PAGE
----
Before we really get going with this blog thing, I should probably warn everybody that I am a huge Elvis fan. Please, please, please tell me that you didn’t just picture a middle aged man in a white jumpsuit who may or may not have (but definitely did) eat one too many peanut butter and banana sandwiches. Well, I guess I can’t be too upset if that’s what you pictured because that’s what I thought before I actually started listening to him. That's when I discovered how much more there is to Elvis and his music than the stereotypical Elvis-like character you see walking around Vegas these days. I’m not quite sure how I evolved into such an Elvis fan, but before I could stop myself I was obsessed. Vinyls. Movies. Sweatshirts. The whole nine yards.
Now, you may be wondering how a man deemed the King of Rock n’ Roll fits into a blog about country music. Well, Elvis was born and raised in the south and started his career singing rockabilly music in a struggling recording studio called Sun Records in Memphis, Tennessee. In the early 1950s, when Elvis was still a teenager, he went into Sun Records a couple times to make a record for his mama’s birthday. While he was there the owner of the record label, Sam Phillips (who also discovered Johnny Cash, Roy Orbison, and Jerry Lee Lewis- yeah, he’s pretty awesome), told Elvis that he was an “interesting” singer and told him that he might call him sometime to make a record.
When Elvis was finally called back a year later (in 1954, I believe) he went in there with his little beaten up guitar and started singing every song he knew for Phillips. Unfortunately, nothing was really working out too well and Phillips thought he had made a mistake in asking Elvis to come in that day. He told Elvis and the two other band members with him (Bill Black and Scotty Moore) to take a break, hoping that they would do better after the break.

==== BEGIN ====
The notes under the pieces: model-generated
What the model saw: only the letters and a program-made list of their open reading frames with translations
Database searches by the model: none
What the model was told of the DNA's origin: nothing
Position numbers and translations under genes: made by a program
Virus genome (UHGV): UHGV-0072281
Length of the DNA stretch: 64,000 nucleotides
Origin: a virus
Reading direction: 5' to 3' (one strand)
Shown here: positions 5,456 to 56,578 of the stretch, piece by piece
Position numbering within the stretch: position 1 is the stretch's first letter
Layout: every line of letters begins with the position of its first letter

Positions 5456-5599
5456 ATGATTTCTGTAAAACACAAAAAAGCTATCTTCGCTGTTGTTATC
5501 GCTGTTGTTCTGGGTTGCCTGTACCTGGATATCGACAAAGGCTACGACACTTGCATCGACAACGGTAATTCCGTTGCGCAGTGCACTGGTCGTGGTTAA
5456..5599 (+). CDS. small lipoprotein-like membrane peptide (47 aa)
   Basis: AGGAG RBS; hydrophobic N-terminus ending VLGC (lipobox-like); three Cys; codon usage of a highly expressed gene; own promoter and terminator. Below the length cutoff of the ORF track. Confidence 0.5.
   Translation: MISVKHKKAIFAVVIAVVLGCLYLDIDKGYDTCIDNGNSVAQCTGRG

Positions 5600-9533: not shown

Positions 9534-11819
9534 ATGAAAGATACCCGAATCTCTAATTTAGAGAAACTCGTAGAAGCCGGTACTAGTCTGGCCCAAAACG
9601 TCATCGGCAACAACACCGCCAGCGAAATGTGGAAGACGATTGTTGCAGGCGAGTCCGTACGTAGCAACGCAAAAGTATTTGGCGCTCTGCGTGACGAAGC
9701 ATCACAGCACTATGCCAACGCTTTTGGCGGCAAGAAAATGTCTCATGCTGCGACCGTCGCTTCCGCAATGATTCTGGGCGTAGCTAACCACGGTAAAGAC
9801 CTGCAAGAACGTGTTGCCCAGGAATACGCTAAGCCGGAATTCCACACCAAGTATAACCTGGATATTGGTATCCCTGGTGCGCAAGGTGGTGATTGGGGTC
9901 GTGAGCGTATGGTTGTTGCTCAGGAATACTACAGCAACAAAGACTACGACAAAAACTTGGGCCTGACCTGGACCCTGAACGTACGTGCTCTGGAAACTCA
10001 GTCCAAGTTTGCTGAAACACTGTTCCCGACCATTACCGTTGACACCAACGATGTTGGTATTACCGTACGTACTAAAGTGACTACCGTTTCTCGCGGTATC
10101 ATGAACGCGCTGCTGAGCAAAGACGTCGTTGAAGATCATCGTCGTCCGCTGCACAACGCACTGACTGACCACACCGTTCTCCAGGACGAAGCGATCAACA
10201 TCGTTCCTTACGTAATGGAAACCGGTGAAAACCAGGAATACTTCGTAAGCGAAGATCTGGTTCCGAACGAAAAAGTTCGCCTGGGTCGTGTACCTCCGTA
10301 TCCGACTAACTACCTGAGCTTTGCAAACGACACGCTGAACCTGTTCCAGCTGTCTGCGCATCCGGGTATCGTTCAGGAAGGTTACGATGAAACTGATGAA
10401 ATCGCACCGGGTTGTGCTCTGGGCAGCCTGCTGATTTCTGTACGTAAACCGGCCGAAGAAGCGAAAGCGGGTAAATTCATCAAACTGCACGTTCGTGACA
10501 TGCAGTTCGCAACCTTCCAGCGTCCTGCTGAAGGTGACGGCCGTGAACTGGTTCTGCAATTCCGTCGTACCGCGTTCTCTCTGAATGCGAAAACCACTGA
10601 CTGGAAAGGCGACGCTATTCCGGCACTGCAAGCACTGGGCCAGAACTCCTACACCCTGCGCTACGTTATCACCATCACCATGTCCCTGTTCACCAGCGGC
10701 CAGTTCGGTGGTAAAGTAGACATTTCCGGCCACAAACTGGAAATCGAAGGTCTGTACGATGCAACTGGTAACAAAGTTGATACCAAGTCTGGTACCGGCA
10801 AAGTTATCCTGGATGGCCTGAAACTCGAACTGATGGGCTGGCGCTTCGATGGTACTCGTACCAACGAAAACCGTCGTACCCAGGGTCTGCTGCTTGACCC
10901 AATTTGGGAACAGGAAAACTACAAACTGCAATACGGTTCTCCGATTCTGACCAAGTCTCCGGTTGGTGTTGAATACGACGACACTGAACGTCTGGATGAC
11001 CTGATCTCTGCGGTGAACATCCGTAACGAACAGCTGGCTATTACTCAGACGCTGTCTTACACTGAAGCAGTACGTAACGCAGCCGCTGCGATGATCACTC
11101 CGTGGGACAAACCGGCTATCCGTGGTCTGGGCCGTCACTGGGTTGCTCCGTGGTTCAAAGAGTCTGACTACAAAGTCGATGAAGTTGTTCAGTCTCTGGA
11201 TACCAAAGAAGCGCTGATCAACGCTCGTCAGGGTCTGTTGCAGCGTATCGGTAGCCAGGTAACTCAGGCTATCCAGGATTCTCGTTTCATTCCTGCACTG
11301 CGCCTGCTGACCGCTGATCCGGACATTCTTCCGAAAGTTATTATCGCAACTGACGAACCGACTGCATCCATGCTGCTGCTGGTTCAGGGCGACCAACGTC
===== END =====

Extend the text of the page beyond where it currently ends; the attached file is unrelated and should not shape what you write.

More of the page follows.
Here’s where the story gets good.
Elvis started messing around during the break and began to play an old song from the ‘40s called “That’s All Right”, except he didn’t use the original arrangement of the song. He played it faster and added a lot of energy to the song. As Scotty Moore recounts. “All of a sudden Elvis just started singing this song, jumping and acting the fool, and then Bill picked up his bass and he started acting the fool, too, and I started playing with them”. The song was very different from anything Phillips had heard before and he knew that it was the sound he had been searching for. The sound that he knew had been in Elvis all along; all he needed was the right song to let it rip. Knowing that he had struck gold, Sam Phillips quickly turned on the recorder and told them to repeat what they had just done. That’s the recording you’ll hear now and the recording that jumpstarted the career of arguably the greatest entertainer of all time. And guess what? Because of Elvis’ unique blend of blues, country, and gospel in “That’s All Right”, he was billed as “the freshest, newest voice in country music”.